When Darden Restaurants (NYSE:DRI) reports fiscal third-quarter earnings on March 21, it's unlikely that Mr. Market will have much of a reaction. For most companies, there is the possibility of a huge swing one way or the other. But for Darden, which reported preliminary results on March 3, the chance of a surprise is somewhat limited.
What does all of this mean for the Foolish investor? Is now an attractive time to jump into shares of the restaurant conglomerate, or should investors steer clear?
Darden's expectations are low!
Management did not forecast quarterly revenue growth, and Mr. Market anticipates the business will see sales of $2.26 billion, flat with year-ago results. But this flies in the face of management's latest report, which claimed that comparable-store sales have been falling at its three largest restaurant chains.
In spite of top-line performance flat with a year ago, management expects the company's profitability to fall. If Darden can meet its own expectations, it will report earnings per share of $0.82. This represents a 12% decline compared to the $0.93 analysts initially forecast. It's also 20% lower than the $1.02 the company reported in the year-ago quarter.
Darden isn't alone in its troubles!
Over the past year, Darden has been only one of a large number of restaurant companies facing trouble. In light of rising competition from the likes of Chipotle Mexican Grill, Panera Bread, Noodles & Company, and Potbelly, restaurant conglomerates like DineEquity (NYSE:DIN) and Yum! Brands (NYSE:YUM) have fallen short.
During fiscal 2013, for instance, Darden saw its revenue rise 7% from $8 billion to $8.6 billion. According to the company, the revenue increase came about because of a 2.1% lift in comparable-store sales in the specialty restaurant group combined with a 7.9% sales increase from new restaurant locations. Although this looks acceptable, the company's sales growth was partially offset by a 1.3% decline in comparable-store sales at Olive Garden, Red Lobster, and LongHorn Steakhouse locations.
In terms of profits, Darden saw its net income fall 13% from $475.5 million to $411.9 million. The underlying reason behind this drop was an increase in the company's cost structure, mostly higher restaurant expenses, labor, and food and beverage costs. In the first two quarters of fiscal 2014, Darden's bottom line fell a further 38% from $144.4 million to $90 million amid lower comparable-store sales at its core restaurants (Olive Garden and Red Lobster).
Over the same period, DineEquity's revenue fell 25% from $849.9 million to $640 million; Yum!'s revenue dropped 4% from $13.6 billion to $13.1 billion. DineEquity's revenue decline came about because of a transition to a business in which 99% of revenue is derived from franchised locations instead of company-owned restaurants. This results in lower revenue but is expected to yield higher margins.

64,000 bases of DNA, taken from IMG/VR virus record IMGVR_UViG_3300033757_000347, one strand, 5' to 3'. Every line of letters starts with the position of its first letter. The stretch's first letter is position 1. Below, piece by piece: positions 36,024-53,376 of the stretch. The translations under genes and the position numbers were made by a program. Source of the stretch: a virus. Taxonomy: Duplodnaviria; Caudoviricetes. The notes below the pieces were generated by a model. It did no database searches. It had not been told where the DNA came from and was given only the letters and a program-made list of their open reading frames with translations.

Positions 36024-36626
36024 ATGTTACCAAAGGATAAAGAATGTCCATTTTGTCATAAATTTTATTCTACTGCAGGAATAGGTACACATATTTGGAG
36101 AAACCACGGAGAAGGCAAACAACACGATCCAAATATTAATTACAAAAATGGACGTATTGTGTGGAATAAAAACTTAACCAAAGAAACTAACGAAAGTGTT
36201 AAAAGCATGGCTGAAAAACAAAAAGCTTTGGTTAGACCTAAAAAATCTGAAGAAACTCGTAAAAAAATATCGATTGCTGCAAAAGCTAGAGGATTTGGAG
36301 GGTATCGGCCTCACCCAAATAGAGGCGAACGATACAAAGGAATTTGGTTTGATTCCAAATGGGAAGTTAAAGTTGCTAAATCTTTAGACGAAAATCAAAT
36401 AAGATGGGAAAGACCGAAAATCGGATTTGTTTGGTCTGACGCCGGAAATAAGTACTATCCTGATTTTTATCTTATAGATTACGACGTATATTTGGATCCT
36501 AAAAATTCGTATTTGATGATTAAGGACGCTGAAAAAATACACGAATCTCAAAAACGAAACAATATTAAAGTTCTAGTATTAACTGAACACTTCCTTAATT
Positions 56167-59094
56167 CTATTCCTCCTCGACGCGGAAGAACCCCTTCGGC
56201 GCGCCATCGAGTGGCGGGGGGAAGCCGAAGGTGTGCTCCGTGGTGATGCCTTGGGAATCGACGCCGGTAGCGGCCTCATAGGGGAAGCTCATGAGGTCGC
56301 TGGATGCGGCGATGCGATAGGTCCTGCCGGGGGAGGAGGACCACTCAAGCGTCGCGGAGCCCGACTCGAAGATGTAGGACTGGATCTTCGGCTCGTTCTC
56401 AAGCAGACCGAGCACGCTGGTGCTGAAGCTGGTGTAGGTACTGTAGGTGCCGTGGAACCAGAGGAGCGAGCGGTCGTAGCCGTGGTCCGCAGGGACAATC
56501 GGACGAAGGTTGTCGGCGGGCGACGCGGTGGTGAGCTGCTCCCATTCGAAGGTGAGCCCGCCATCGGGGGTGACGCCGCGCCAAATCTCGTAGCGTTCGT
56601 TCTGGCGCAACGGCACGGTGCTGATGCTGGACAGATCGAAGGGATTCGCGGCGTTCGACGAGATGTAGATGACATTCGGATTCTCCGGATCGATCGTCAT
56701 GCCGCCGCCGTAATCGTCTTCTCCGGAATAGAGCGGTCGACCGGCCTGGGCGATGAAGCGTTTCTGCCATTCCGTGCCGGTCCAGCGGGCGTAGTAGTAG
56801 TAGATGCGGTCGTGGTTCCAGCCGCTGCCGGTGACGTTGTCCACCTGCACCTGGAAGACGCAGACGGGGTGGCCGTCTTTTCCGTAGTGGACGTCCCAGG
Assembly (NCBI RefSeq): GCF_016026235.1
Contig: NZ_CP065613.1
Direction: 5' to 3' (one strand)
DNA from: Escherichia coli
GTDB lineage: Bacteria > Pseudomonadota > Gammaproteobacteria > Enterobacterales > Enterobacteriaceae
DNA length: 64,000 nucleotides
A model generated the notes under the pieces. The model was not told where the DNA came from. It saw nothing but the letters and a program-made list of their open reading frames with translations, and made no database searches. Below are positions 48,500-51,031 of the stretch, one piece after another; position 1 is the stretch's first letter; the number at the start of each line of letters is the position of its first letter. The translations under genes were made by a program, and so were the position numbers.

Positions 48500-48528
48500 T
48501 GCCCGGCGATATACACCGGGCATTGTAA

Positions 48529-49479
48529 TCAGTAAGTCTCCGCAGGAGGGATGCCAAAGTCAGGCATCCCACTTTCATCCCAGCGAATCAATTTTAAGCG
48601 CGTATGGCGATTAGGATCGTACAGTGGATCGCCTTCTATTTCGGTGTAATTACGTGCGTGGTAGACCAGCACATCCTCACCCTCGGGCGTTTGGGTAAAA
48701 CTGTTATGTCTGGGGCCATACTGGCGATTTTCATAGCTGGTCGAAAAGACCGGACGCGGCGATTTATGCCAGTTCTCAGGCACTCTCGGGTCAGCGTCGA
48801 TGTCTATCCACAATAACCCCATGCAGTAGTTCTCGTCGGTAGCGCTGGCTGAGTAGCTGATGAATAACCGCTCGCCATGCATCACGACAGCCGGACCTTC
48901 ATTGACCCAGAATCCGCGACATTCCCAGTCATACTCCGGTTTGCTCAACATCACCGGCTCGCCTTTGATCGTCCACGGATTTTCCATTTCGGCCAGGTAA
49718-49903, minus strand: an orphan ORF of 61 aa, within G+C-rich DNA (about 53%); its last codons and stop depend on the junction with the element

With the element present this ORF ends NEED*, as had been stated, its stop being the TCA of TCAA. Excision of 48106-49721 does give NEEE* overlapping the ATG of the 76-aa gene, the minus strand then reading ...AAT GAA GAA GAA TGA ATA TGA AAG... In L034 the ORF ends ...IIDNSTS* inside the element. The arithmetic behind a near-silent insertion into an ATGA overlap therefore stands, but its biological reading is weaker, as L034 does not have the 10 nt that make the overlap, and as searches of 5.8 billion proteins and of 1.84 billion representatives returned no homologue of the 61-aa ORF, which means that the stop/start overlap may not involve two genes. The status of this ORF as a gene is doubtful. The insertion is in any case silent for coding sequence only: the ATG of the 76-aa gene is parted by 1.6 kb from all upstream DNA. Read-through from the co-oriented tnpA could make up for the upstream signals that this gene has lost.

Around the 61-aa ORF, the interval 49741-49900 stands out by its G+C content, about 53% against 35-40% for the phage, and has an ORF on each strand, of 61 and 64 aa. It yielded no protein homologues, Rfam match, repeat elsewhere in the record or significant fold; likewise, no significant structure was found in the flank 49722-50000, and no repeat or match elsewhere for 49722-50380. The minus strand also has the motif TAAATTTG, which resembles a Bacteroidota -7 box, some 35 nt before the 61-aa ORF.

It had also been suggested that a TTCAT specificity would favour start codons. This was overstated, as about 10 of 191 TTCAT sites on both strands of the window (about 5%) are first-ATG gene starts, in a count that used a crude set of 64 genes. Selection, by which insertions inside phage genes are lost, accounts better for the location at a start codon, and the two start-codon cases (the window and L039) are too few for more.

Yum! was negatively affected by a 13% drop in comparable-store sales in China and faced sluggish growth elsewhere. But it helped to cushion the decrease in revenue through the addition of new restaurants. For the year, the company added 1,952 restaurants, 82% of which were set up in emerging markets.
In terms of profitability, both businesses fell short just like Darden. Over the past year, DineEquity's net income fell 42% from $122.5 million to $70.8 million. This decline was due, in part, to the drop in sales. But it was also attributed to higher asset- disposition gains booked a year earlier combined with profit impairments management expected from its refranchising efforts.
Yum! saw a 32% decline in net income from $1.6 billion to $1.1 billion during the year. This shortfall was due to its sales decline. But management also chalked it up to higher impairment charges as well as occupancy and other miscellaneous operating expenses rising from 24.6% of sales to 25.5%.
Based on the data provided, it looks as though Darden's performance has been good on the top line but suffered on the bottom line. Fortunately, the business appears to be in a lot better condition than DineEquity and Yum!, but that's not saying too much. Moving forward, it's difficult to tell how well Darden and its peers will perform, but the trend isn't looking so hot.
Probably the one advantage the Foolish investor has with Darden missing with DineEquity and Yum! is the company's plan to spin off its Red Lobster operations. These restaurants have been performing very poorly recently, and getting rid of the assets might allow management to improve its other chains.
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Daniel Jones has no position in any stocks mentioned. The Motley Fool has no position in any of the stocks mentioned. Try any of our Foolish newsletter services free for 30 days. We Fools may not all hold the same opinions, but we all believe that considering a diverse range of insights makes us better investors. The Motley Fool has a disclosure policy.